"I said to him, 'You know, it's not that you like Southwick. You just like the process. You want the deal,' and he just smiled," recalled the Lott aide, who spoke on the condition of anonymity because he was divulging private deliberations. "It was a game. It was, 'Let me figure out how to get this done.' "

Such dealmakers still wander the Senate's halls: Edward M. Kennedy (D-Mass.), Dianne Feinstein (D-Calif.) and Orrin G. Hatch (R-Utah.). And others could arise as a generation schooled in pragmatism -- such as John W. Warner (R-Va.) and Pete V. Domenici (R-N.M.) -- heads for the exits next year.

"Just because an individual leaves doesn't mean you're not going to find new centers to structure work in the United States Senate," said Eric Ueland, chief of staff to former majority leader (R-Tenn.). Lott would "be the first to say that no individual is indispensable."

But with the Senate almost dysfunctional, those new power centers are difficult to find.

"The Senate is still a great deliberative body," Nickles said. "But it's a little less congenial and a little too partisan."

Lott made a career out of the art of the deal. In the summer of 1996, after then-Sen. Robert J. Dole resigned to pursue the White House full time, Lott took the reins of a Senate that had ground to a halt as Democrats moved to thwart GOP accomplishments ahead of the presidential election. Lott implored his colleagues to act.

In short order, Congress approved a major overhaul of the nation's welfare laws, cleared a bevy of other bills and cut a deal with the Clinton White House on annual spending bills. After the election, Hoppe recalled, Clinton called Lott to joke that had he not gotten the Senate back on track, the Democrats might well have recaptured a chamber of Congress.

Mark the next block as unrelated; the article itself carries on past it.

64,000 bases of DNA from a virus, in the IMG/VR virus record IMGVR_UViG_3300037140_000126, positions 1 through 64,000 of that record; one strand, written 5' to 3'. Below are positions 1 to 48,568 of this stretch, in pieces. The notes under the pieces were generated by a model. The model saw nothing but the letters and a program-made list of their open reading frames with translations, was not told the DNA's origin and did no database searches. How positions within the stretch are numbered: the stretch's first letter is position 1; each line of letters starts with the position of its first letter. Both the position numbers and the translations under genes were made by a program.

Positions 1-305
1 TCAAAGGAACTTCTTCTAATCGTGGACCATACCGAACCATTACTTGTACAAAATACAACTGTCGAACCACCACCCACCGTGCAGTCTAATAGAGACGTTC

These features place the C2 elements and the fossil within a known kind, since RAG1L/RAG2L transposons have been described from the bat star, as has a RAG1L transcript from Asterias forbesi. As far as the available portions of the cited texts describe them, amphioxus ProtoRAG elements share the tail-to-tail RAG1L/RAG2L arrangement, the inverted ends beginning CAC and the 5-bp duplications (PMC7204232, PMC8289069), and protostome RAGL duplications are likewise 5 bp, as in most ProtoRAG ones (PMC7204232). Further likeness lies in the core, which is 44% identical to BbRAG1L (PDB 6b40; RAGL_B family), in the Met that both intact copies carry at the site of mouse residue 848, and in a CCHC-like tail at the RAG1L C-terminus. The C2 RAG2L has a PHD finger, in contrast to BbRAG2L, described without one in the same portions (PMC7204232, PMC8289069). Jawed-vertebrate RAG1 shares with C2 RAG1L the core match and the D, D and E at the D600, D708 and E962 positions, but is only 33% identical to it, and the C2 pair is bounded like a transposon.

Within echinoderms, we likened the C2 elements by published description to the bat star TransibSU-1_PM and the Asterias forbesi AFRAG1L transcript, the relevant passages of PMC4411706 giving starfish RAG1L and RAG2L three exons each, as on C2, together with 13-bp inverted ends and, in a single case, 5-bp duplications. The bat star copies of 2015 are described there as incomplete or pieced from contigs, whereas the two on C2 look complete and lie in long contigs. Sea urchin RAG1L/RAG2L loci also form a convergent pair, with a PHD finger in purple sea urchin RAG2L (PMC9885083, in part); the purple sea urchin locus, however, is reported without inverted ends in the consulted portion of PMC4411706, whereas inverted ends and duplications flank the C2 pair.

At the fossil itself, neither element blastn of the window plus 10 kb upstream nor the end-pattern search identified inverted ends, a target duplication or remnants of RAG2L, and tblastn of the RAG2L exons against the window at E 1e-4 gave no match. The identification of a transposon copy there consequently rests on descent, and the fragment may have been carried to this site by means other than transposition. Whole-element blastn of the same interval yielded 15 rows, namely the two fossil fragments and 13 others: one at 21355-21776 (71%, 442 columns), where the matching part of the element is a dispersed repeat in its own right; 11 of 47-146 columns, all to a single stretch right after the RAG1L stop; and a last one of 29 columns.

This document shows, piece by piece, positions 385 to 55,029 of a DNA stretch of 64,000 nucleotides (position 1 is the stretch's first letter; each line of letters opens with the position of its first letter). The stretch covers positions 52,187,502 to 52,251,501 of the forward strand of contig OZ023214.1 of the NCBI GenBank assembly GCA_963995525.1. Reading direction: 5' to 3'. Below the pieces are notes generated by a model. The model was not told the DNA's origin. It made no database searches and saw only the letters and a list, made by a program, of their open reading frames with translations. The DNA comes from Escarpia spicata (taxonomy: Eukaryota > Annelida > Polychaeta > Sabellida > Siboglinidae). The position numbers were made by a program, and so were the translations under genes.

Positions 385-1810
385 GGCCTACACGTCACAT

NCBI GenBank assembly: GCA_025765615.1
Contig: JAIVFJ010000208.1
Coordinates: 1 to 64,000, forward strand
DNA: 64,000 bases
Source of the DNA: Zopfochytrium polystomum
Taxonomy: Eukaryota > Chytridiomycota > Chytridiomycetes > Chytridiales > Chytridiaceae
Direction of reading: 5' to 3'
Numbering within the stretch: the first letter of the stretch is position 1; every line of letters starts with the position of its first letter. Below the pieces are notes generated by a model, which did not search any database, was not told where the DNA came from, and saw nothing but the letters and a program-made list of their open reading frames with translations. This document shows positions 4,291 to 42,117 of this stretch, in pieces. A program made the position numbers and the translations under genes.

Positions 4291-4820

The next year, White House Chief of Staff Erskine B. Bowles and Treasury Secretary Robert E. Rubin -- both wealthy Wall Street financiers -- sat huddled in Lott's office, as Lott and House Speaker Newt Gingrich (R-Ga.) tried to cut a final deal on a balanced budget agreement that included a cut to the capital gains tax rate.

"There they were, two Democrats who had been very successful in business, squaring off with two Republicans who didn't have two nickels to rub together," Hoppe recalled.

They struck a deal: Cut the capital gains rate and create a major federal program to offer health insurance to children of the working poor.

After the 2000 election, which left the Senate deadlocked at 50 seats apiece, Lott again struck a deal that angered many in his party. Although Republicans technically had control of the Senate with the vote of newly elected Vice President Cheney, Lott and Daschle agreed to evenly divide the committees. Moreover, they agreed, if one party won a majority midstream, either through a party switch, a resignation or a death, the other party would agree to relinquish control without a fight.

Lott reasoned that the deadlocked Senate could waste the first months of George W. Bush's fledgling presidency in a process fight, or he could relent early and get to work.

But such deals are getting harder to come by.

On June 7, as Lott absorbed increasingly virulent attacks from conservatives for his support of a bipartisan immigration overhaul, he took to the Senate floor for another appeal.

"This is the time where we are going to see whether we are a Senate anymore," he intoned. "Are we men or mice? Are we going to slither away from this issue and hope for some epiphany to happen? No. Let's legislate. Let's vote."

Three weeks later, the immigration bill fell to a Republican filibuster, and Congress slithered away from the issue.